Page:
Tuesday, April 19, 2011
3The religion scholars and Pharisees led in a woman who had been caught in an act of adultery. They stood her in plain sight of everyone 4and said, "Teacher, this woman was caught red-handed in the act of adultery. 5Moses, in the Law, gives orders to stone such persons. What do you say?" 6They were trying to trap him into saying something incriminating so they could bring charges against him.
Jesus bent down and wrote with his finger in the dirt. 7They kept at him, badgering him. He straightened up and said, "The sinless one among you, go first: Throw the stone." John 8:3-7 The Message
Preparing like thousands of other pastors this week for Holy Week coming Sunday, I've been reading the account of the ministry of Jesus in John's gospel. Today I stopped here. Or I guess I should say "it stopped me."
It probably was easy for the religion scholars to get all worked up over the woman in this story's sin. She was guilty of breaking God's law - no doubt. It's true there had to be a man involved, and it's also true he's not in this scene. Maybe this was all a setup. Still, she was guilty. They could point and yell and grab and drag her to justice. It's always easier to see someone else's sin, and we've got an incredibly powerful ability to get angry when we can do that while keeping our moral distance from those we catch. We're not "those people."
If we think about it, our lives are full of those instances. Growing up in the South, I heard about "those blacks. On a trip to Texas, someone wanted to talk about "those Mexicans." Even in church, we have a tendency to try to take the same moral high ground when we talk about sinners in different "tribes" that we don't belong to.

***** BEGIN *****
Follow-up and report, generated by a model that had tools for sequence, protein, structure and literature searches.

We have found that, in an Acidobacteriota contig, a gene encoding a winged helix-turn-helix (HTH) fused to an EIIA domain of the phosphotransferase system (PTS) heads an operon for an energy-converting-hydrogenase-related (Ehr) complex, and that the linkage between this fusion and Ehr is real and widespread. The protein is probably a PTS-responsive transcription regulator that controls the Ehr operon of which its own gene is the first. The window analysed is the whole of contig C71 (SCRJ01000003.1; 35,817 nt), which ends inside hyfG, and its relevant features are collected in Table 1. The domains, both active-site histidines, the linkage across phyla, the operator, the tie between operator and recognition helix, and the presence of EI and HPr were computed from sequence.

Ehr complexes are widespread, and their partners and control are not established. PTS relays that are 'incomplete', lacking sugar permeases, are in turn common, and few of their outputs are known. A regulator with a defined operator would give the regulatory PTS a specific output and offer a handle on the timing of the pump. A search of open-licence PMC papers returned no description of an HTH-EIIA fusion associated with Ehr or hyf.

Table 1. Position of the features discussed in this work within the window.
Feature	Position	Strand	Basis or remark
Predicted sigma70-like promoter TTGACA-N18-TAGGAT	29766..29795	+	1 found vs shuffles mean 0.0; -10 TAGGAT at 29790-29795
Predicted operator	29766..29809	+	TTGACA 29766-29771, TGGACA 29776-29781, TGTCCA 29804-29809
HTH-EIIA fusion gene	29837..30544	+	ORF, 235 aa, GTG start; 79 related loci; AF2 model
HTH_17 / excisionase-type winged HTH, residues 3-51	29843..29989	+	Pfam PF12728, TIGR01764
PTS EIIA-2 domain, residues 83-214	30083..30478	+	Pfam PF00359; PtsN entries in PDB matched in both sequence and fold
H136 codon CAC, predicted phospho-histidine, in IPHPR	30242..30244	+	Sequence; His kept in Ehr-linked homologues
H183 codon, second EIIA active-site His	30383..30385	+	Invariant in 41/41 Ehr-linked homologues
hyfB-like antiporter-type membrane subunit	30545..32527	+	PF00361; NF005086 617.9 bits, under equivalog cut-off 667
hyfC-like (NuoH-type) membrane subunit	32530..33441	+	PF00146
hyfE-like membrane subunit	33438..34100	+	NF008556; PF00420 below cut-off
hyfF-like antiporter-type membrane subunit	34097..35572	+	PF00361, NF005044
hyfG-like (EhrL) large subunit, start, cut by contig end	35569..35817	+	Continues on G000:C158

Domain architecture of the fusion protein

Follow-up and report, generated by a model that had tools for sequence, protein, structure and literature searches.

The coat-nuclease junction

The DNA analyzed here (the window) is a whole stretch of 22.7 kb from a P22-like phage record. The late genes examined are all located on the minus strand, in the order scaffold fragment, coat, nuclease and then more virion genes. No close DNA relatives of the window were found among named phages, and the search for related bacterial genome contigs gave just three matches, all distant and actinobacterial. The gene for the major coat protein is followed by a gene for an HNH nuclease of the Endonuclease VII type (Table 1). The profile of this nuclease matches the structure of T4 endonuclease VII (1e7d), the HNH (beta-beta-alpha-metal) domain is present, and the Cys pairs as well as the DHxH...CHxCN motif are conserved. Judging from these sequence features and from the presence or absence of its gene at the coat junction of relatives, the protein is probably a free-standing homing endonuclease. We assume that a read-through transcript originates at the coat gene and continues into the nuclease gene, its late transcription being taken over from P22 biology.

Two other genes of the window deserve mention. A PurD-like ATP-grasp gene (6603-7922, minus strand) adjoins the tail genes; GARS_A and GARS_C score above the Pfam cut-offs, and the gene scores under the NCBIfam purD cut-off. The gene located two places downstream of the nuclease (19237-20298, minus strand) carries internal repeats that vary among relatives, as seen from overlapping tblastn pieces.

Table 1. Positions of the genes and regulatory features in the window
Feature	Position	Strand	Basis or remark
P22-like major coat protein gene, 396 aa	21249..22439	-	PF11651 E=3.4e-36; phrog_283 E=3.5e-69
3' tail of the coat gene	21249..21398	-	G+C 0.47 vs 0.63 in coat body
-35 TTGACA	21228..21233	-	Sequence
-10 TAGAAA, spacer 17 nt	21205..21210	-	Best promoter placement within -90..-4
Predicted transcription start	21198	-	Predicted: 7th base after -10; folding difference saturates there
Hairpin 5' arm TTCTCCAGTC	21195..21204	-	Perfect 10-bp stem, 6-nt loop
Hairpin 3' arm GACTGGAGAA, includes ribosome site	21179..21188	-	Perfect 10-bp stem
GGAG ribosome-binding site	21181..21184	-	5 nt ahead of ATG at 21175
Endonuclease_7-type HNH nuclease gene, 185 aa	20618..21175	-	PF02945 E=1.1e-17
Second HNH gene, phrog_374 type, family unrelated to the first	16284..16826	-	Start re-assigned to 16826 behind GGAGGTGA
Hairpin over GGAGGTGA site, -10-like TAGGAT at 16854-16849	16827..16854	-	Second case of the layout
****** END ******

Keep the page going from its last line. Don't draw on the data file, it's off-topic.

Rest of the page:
Feels good too - this high and mighty moral indignation.
Until God shows up. Until His presence means the mirrors come out, and we see ourselves for who WE are. Sinners. All who fall pitifully short of God's standards.
This day, the men in their ignorance had made the mistake of bringing their feigned outrage to the only one Who had a right to be angry. They turned their attention from her to Him as they kept hounding the Son of God to agree that they were better than the woman they had caught.
Instead, He turned toward them and hurled their words back with brute force.
"The sinless one among you, go first: Throw the stone."
He only made one condition, but it was one neither they, nor you and I can ever hope to meet.
Sinless? Uh, no.
I wonder what it sounded like as the stones dropped into the dust that day?
How I wish I could have seen Jesus reach down and help the woman rise.
Hearing that, they walked away, one after another, beginning with the oldest. The woman was left alone. 10 Jesus stood up and spoke to her. "Woman, where are they? Does no one condemn you?" 11 "No one, Master." "Neither do I," said Jesus. "Go on your way. From now on, don't sin."